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Science, film and ‘Hamlet’ fests, ‘Hedwig’ and other stuff you should do this week

It’s a good time to celebrate science.
    • Hedwig and the Angry Inch at House of Blues

      The revered rock musical about aspiring genderqueer performer Hedwig, her unrequited love for rock star Tommy Gnosis and her band the Angry Inch—named after her botched sex change surgery—gets a local production at the intimate Crossroads dining/musical hall.April 27-29, 11 p.m., $32. –Mike Prevatt

    • Las Vegas Black Film Festival at Suncoast

      The Las Vegas Black Film Festival has established itself as a strong community event, and this year’s fourth edition showcases several local feature films, including Checkmate, written and directed by hip-hop producer Robert “Tha Vegas Don” Strawder; comedy B-Mo & C-Mo Take on Las Vegas; Lamonte Faison’s From the Inside Looking Out; police corruption documentary What Happened in Vegas; and TransPARENT, from festival founder Michelle Payne-Boykin. There will also be panels, workshops and parties, with an entire day of screenings on Saturday, all focused on movies created by independent black filmmakers.April 27-30, $20-$100 per event, $30-$250 for passes, –Josh Bell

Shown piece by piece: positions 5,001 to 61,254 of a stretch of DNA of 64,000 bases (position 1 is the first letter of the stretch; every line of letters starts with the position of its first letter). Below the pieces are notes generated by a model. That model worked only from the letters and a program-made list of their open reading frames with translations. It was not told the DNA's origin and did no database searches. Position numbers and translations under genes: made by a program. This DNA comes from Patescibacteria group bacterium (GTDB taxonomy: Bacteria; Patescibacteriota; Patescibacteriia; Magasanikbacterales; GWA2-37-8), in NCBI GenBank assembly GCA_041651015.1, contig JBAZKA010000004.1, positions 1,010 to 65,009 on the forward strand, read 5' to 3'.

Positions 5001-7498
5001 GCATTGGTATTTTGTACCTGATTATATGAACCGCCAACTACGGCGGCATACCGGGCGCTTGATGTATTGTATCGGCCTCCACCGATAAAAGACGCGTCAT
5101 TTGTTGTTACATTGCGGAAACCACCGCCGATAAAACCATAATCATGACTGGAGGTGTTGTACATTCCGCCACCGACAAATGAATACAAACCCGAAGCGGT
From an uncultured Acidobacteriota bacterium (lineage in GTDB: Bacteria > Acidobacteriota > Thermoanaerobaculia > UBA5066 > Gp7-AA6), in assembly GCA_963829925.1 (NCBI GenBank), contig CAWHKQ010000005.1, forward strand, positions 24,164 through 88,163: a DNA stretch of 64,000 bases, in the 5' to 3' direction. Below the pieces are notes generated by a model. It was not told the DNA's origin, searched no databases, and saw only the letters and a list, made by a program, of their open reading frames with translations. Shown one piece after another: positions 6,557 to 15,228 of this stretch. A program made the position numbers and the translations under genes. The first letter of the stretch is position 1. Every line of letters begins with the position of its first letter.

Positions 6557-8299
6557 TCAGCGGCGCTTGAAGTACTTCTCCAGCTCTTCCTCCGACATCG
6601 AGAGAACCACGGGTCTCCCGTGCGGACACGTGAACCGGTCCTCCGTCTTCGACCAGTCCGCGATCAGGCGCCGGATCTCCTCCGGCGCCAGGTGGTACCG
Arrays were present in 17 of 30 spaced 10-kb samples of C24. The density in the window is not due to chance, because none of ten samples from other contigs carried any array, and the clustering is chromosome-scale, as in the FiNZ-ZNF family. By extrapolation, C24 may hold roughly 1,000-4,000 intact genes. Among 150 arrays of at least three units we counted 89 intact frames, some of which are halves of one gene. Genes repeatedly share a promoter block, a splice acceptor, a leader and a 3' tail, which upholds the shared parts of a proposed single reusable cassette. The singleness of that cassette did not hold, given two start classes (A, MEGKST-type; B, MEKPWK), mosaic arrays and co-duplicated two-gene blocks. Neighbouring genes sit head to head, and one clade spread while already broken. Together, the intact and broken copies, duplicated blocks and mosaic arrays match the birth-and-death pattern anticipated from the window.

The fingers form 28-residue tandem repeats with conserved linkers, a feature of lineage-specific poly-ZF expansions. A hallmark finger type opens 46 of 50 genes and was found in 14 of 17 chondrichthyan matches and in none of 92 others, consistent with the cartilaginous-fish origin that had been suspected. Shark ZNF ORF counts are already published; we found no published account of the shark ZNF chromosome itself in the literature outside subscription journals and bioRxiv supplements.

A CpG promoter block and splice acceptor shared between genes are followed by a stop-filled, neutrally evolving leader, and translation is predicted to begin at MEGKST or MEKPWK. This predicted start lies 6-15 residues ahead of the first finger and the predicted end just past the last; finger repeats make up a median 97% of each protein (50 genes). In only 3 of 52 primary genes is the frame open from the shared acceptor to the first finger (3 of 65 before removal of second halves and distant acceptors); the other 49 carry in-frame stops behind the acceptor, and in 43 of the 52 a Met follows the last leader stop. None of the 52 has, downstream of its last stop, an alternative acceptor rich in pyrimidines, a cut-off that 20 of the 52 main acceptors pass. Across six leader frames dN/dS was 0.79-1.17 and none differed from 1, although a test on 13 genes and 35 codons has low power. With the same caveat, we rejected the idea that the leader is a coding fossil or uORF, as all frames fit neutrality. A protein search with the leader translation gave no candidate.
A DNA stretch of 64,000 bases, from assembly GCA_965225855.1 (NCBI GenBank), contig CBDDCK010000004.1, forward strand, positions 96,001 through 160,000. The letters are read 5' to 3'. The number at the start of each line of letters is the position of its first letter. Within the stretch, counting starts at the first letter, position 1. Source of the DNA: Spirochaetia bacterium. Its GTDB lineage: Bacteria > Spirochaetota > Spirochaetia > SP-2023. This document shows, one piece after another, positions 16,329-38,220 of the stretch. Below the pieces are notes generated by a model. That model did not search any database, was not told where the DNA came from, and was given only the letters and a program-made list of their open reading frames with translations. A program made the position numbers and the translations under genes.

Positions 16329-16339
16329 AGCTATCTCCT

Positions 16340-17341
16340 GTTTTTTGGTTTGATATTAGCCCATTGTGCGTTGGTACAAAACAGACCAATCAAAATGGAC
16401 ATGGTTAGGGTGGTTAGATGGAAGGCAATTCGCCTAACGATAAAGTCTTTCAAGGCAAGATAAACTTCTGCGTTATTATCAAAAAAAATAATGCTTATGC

• Bride of Frankenstein at Nicholas J. Horn Theatre

      Two years after staging Dracula, CSN’s dance troupe takes on another horror classic, promising a new backstory for the titular Bride, a “steam-punkish tone” and an original score by Norwegian Thor Ellyk.Friday, 7 p.m.; Saturday, 2 & 7 p.m.; $5-$8. –Spencer Patterson

    • Las Vegas & Technology Festival

      Science got a rare moment in the Las Vegas limelight last Saturday, when hundreds protested on its behalf, just one of many national marches addressing the general dismissal of fact-based research and phenomena by the majority power in our government. The natural way to keep its advocacy and awareness going is to celebrate it and make it more accessible—and fun—for youth. Enter the Las Vegas Science & Technology Festival, now in its seventh year. Held in venues across the Valley over nine days, the STEM-based marathon includes such wide-ranging events as a junior paleontologist adventure, a real-life exhibition involving critters that crawl and slither, a symposium on possible extraterrestrial life, a climate-change debate, a Star Wars-themed science event, an activity that teaches middle and high schoolers how to manage money and debt, two expos and a guided tour of the Shark Reef. And you can do it all for free.April 28-May 6, –Mike Prevatt.

    • Hamlet Festival at UNLV

      Believe it or not, Shakespeare was once seen as the Michael Bay of playwrights, a lowbrow action guy who panned for box-office gold, at least in the view of 19th-century French elites. Improving upon a classic, Alexandre Dumas adapted Hamlet for French audiences, and French composer Ambroise Thomas then turned that adaptation into a five-act opera. If you’re imagining the opera to be what banana Laffy Taffy is to real bananas, you wouldn’t be far off. In the nearly 150 years since the opera debuted, it has been the subject of both praise and scathing critiques. UNLV Opera Theater joins the fray with a free five-day Hamlet Festival that offers lectures, recitals and the world premiere of a new English translation of Thomas’ opera by soprano Bonita Bunt. May 1-6, Various venues. -C. Moon Reed

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